In the 1980s, Penn State football won its two claimed national titles, and according to Greg Woodman’s new book, this was a turning point in the university’s history.
Woodman, an engineering professor at Penn State, is a 1983 alumnus in general arts and sciences, which was a major he created. Following graduation, he made several products promoting Penn State like T-shirts, posters and even a cardboard standup of Joe Paterno.
During his time at Penn State, Woodman published a magazine previewing the football team after its national championship in the 1982-83 season called the Penn State Football Annual.
His book titled “Why Penn State: Why the 1980s Gave Nittany Lions a Common Cause, Shared Values and the Keys to Success,” is a collection of different parts of his magazine. It includes interviews — with famous Penn State figures like Paterno — photos and memorabilia. The book also includes “Are You a Real Penn Stater,” which is a “bucket list” of things for Penn Staters to do related to the university.
“I’ve had all this wonderful content from these magazines, and I curated the best of it,” Woodman said. “I was just convinced that the ‘80s were a magical decade.”
Woodman said he believes the 1980s transformed Penn State from an “average state school” to a “global, iconic brand.”
He attributed this transformation to the success Penn State saw in football during the 1980s, winning national championships in 1982-83 and 1986-87. Its 1987 championship against the University of Miami in the Fiesta Bowl in Arizona was, at the time, claimed to be the highest-rated college football game on TV ever.
Woodman said he also believes Penn State’s rise to the national stage was because of the sports graduation rates and interview capabilities of student athletes at the university.
“[Penn State had] an organic, viral and methodical exposure to America,” Woodman said. “There was a philosophy that [its football team] was not going to exploit players.”
And, Woodman said Penn State’s growth as a brand influenced academics, investments in the university and higher enrollment.
“As a guy who started at Penn State in the late ‘70s, I was mesmerized by it,” Woodman said.
However, Woodman said he doesn’t want people to think his book is “just about football.”
“Football was just a metaphor,” Woodman said. “The tailgating, the community and the cheering is for these special feelings and emotions of each other.”
Jake Burns, a 2005 Penn State graduate of organizational leadership, said he liked the book because he “is a sucker for ‘80s nostalgia.”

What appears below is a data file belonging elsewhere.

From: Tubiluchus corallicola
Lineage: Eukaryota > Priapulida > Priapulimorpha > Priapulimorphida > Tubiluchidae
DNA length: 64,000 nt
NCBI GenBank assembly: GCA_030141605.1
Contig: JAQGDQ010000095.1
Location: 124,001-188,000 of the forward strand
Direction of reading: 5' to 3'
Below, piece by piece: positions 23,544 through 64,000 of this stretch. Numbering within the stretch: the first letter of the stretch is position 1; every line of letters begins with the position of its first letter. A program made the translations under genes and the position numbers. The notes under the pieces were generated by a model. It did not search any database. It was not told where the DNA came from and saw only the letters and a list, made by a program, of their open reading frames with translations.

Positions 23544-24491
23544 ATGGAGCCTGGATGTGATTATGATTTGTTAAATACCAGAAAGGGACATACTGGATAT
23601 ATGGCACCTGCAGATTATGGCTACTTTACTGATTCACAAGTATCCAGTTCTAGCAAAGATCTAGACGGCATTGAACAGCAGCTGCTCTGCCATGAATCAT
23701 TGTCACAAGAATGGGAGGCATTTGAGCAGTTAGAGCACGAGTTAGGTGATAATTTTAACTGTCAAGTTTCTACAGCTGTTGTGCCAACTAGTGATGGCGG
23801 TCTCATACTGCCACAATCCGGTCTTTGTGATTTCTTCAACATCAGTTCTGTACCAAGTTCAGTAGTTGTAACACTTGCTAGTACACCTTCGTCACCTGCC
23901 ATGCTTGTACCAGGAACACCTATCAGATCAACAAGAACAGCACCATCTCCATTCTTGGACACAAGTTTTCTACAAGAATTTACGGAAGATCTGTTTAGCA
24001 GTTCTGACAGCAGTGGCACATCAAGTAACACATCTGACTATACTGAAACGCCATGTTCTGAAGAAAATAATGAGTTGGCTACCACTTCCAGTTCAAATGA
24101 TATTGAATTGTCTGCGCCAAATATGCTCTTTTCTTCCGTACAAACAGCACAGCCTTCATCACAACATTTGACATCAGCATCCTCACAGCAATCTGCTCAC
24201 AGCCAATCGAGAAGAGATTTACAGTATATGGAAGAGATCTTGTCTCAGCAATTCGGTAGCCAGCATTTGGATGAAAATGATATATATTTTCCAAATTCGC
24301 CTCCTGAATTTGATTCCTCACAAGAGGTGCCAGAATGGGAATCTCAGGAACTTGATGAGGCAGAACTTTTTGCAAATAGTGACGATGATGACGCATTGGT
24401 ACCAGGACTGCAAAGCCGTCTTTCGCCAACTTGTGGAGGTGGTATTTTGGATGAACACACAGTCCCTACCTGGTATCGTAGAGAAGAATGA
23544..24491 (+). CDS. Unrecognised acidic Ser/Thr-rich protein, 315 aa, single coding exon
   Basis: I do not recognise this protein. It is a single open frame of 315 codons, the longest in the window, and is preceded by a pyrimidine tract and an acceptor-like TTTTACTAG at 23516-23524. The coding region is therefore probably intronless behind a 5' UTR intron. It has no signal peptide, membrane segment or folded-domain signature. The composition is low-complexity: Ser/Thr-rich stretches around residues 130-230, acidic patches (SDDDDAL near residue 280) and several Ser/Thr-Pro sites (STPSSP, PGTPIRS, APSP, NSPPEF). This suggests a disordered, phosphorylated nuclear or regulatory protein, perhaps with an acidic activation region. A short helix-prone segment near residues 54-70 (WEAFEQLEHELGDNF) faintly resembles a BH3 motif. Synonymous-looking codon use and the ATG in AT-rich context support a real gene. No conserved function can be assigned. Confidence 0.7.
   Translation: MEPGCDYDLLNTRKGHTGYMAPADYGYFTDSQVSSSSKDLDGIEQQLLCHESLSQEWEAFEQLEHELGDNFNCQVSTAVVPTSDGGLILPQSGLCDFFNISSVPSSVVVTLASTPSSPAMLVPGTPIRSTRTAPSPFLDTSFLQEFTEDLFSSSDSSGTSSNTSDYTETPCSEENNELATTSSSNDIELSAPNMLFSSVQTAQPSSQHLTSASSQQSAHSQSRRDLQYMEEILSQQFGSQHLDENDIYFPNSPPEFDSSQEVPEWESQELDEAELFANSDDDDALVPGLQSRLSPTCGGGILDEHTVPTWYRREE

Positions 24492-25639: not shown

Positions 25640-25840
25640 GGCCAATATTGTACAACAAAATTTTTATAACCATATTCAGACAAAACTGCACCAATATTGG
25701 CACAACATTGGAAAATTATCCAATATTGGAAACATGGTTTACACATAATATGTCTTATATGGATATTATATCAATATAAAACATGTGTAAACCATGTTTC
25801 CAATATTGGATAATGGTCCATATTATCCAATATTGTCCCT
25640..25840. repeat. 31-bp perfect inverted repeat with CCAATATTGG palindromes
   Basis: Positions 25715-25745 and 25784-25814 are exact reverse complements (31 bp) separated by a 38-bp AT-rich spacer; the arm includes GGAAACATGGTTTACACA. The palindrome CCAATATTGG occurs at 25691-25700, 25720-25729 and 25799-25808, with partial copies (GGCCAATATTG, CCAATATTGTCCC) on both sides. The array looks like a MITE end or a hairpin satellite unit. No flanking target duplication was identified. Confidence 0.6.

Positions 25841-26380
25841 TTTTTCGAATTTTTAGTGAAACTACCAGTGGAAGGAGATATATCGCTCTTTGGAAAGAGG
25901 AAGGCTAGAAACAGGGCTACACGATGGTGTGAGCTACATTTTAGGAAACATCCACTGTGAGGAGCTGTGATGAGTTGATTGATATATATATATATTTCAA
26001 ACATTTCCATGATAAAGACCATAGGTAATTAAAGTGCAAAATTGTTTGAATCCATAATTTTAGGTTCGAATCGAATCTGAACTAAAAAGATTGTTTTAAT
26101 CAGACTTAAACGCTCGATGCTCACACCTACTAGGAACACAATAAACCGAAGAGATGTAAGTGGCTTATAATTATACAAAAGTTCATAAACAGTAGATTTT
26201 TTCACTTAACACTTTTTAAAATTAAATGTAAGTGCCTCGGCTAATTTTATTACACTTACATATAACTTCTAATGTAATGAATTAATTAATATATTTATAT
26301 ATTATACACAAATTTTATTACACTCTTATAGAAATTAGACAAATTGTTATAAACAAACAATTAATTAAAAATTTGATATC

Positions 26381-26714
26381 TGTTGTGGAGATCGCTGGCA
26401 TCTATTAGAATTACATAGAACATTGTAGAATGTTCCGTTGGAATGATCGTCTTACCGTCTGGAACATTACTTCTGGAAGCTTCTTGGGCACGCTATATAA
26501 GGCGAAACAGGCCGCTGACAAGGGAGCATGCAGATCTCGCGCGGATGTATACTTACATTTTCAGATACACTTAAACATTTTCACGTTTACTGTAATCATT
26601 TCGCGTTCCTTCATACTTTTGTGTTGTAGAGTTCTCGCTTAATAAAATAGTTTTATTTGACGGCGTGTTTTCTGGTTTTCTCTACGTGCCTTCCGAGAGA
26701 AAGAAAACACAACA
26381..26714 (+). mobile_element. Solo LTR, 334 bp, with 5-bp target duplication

“I bought two books — one for myself and one as a gift,” Burns said via email. “Having been young [during the 1980s], it’s great to learn how the university has evolved.”
Although Burns was not in college during the 1980s, he said the person whom he gifted the book to was at Penn State during the decade and “loved it.”
Burns said his favorite part of the book was reading about people he idolized from Penn State, like Paterno, and how these people have influenced Penn State today.
“Some things have changed,” Burns said. “But so many are the same because of what Penn State has become.”
Mark Thorwart, a 1982 Penn State graduate of electrical engineering, said he also enjoyed the book.
“It was a good retrospective of the ‘80s,” Thorwart said. “For those of us who lived through the ‘80s and went to school, it can really reflect on how fun it was.”
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Thorwart said he enjoyed how Woodman tied together different events in the ‘80s at Penn State and said he believes they changed the university.
“[The book] gave me a different perspective on the ‘80s,” Thorwart said. “It gave a marketing and brand-building perspective.”
Thorwart said he thought the most interesting part of the book was reading about Paterno and his emphasis on education at Penn State.
“I think people forget about that,” Thorwart said. “‘Success with honor’ and the grand experiment of Paterno were so much more than football.”
Though she didn’t attend Penn State, Janet Surovcik said she enjoyed the book. She has a son who attends the university.
“What I liked about it was how it explains where Penn State was and how [it] grew to greatness over the years,” Surovcik said. “It gives you that reminder of what life was like back then — told through the eyes of Penn State’s cycle of growth.”
Surovcik, who attended a private university in upstate New York, said the book “enlightened” her as to what a “big” university can offer to its students.
“I don’t have in-depth knowledge of Penn State’s history,” Surovcik said. “You can kind of understand how it all over time evolved to help the university to become an even greater place.”
Surovcik said she enjoyed reading about the different traditions of Penn State as well.
“I didn’t realize the loyalty to this school,” Surovcik said. “It really makes you realize that this was a really unique place to go to school during the ‘80s.”
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